New Scientist, By David Kingdon
June 24, 2013
Three books examine the painful birth of the latest version of the Diagnostic and Statistical Manual of Mental Disorders – and the flaws behind it.
Saving Normal: An insider’s revolt against out-of-control psychiatric diagnosis, DSM-5, big pharma, and the medicalization of ordinary life by Allen Frances
The Book of Woe: The DSM and the unmaking of psychiatry by Gary Greenberg
How Everyone Became Depressed: The rise and fall of the nervous breakdown by Edward Shorter
FEW acronyms have gained such traction in such a short time as DSM, the Diagnostic and Statistical Manual of Mental Disorders used by psychiatrists to diagnose mental illnesses. This is largely because a task force, appointed by the American Psychiatric Association (APA) to update it, steered a course that hit virtually every rock it passed. It remains to be seen if DSM-5, the new version of the manual, will sink from the multiple impacts.
The APA could always have expected trouble from some quarters as criticism mounted over the manual’s symptom-based approach and the association’s close relationship with big pharma. But what actually happened was extraordinary. Even before the manual’s launch in May, there was a very public falling out with the US National Institute of Mental Health (NIMH), and with Allen Frances, chairman of the group that produced the previous version,DSM-IV.
How on earth did we get here? There now seems to be a small industry in books detailing the failings of the DSM and psychiatry. I’ve picked two books because they do that job well – and one that is fascinatingly old-fashioned about a key area. Let’s start with Frances’s version of events,Saving Normal, and with psychotherapist Gary Greenberg’s The Book of Woe, which documents the trials and tribulations involved.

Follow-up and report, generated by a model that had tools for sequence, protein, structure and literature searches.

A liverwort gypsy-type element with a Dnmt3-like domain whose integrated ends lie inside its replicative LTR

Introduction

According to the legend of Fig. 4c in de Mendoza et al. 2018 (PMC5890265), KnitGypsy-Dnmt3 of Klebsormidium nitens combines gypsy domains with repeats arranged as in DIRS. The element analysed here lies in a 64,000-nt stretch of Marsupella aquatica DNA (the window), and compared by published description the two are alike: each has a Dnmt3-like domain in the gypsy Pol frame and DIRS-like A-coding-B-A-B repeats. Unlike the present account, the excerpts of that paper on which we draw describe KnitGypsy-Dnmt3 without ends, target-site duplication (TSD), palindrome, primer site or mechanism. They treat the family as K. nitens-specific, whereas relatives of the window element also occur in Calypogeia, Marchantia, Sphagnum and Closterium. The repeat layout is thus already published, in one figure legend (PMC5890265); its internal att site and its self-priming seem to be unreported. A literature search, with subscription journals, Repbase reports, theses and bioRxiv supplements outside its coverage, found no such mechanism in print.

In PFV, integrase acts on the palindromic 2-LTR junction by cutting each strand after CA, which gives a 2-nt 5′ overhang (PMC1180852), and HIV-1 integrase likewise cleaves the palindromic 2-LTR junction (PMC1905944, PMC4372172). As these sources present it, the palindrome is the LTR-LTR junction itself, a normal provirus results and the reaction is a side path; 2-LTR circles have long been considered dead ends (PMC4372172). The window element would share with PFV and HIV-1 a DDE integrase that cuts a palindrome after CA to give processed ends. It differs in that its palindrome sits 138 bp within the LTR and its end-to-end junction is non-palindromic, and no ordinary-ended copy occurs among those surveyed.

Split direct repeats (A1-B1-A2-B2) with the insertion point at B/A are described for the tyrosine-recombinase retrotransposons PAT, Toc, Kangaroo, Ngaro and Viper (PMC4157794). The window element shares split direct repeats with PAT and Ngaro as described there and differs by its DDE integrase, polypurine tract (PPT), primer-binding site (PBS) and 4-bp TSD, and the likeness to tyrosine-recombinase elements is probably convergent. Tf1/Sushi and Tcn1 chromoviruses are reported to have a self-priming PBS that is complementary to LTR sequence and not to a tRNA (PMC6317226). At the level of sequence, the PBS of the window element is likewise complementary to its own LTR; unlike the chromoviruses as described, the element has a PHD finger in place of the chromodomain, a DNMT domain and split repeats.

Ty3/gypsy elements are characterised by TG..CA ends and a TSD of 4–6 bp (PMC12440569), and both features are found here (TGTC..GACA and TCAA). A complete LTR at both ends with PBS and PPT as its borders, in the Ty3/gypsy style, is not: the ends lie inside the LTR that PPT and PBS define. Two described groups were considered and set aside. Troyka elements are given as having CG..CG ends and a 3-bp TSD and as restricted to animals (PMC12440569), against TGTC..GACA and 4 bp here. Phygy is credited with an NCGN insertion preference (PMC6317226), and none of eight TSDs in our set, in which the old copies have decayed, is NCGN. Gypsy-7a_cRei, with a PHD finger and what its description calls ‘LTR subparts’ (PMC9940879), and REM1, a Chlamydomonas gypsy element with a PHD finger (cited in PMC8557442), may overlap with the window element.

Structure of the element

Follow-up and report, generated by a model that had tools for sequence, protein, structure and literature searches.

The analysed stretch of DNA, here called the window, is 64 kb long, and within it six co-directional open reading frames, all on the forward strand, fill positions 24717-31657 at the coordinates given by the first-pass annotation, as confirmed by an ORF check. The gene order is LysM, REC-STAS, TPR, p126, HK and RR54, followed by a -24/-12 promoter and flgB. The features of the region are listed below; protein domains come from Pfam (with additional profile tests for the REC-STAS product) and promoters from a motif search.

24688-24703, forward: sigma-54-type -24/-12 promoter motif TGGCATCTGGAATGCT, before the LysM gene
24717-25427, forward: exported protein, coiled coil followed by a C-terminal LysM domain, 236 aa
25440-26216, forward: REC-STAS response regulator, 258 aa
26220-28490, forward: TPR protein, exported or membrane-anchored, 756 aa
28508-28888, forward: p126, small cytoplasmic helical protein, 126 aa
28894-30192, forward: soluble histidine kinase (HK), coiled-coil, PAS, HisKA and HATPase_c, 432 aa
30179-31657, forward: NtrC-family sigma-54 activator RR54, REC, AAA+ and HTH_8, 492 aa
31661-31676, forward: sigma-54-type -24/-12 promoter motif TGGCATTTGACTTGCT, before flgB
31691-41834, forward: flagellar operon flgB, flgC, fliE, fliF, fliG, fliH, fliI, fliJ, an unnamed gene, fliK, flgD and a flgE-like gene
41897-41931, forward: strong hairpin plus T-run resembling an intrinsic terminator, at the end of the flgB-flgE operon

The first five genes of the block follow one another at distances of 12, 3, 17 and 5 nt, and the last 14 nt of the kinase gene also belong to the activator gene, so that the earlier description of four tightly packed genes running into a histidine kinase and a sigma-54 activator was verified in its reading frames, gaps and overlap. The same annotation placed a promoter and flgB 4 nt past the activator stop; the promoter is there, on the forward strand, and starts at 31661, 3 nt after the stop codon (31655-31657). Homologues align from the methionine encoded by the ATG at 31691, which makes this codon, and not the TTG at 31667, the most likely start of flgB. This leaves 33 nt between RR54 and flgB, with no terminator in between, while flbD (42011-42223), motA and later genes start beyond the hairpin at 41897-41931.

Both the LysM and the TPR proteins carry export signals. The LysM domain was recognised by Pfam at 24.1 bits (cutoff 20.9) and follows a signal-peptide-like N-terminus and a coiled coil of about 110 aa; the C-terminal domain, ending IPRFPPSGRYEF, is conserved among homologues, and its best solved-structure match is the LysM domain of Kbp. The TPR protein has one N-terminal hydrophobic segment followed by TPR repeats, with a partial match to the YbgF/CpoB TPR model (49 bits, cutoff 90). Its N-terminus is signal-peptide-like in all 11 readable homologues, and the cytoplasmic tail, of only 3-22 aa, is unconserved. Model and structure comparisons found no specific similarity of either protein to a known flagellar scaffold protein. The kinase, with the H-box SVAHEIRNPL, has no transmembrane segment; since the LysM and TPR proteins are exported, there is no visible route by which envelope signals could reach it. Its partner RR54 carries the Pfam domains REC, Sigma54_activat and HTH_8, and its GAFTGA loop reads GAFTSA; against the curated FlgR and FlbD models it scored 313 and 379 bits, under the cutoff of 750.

According to Frances, the first problem is that nothing much has changed: the chapters have been reordered, much like rearranging deck chairs on the Titanic. The second problem is that while DSM-5 has not really expanded its remit, it also hasn’t retrenched much: it still boasts a mind-boggling number of disorders.
Then there is the issue of US-centrism. Why spend $200 for what is essentially a US system, asks Frances. The World Health Organization’s International Classification of Diseases (ICD) covers psychiatry and is used for analysis and payments in the US. A revision of it is expected in 2015.
Whether there are two systems or one, Greenberg and Frances see fundamental problems, which they explain in very different styles. Greenberg is detached and observational, but Frances is altogether more involved as he returned, reluctantly, to become a critic of the new DSM revision. Both authors deplore how since DSM-IV (the move to Arabic numerals is to make updating to 5.1 smooth), diagnoses of autism, attention deficit hyperactivity disorder and childhood bipolar disorder have mushroomed, and how the prescription of psychotropic drugs has gone through the roof. All with little evidence of benefit to any party except big pharma.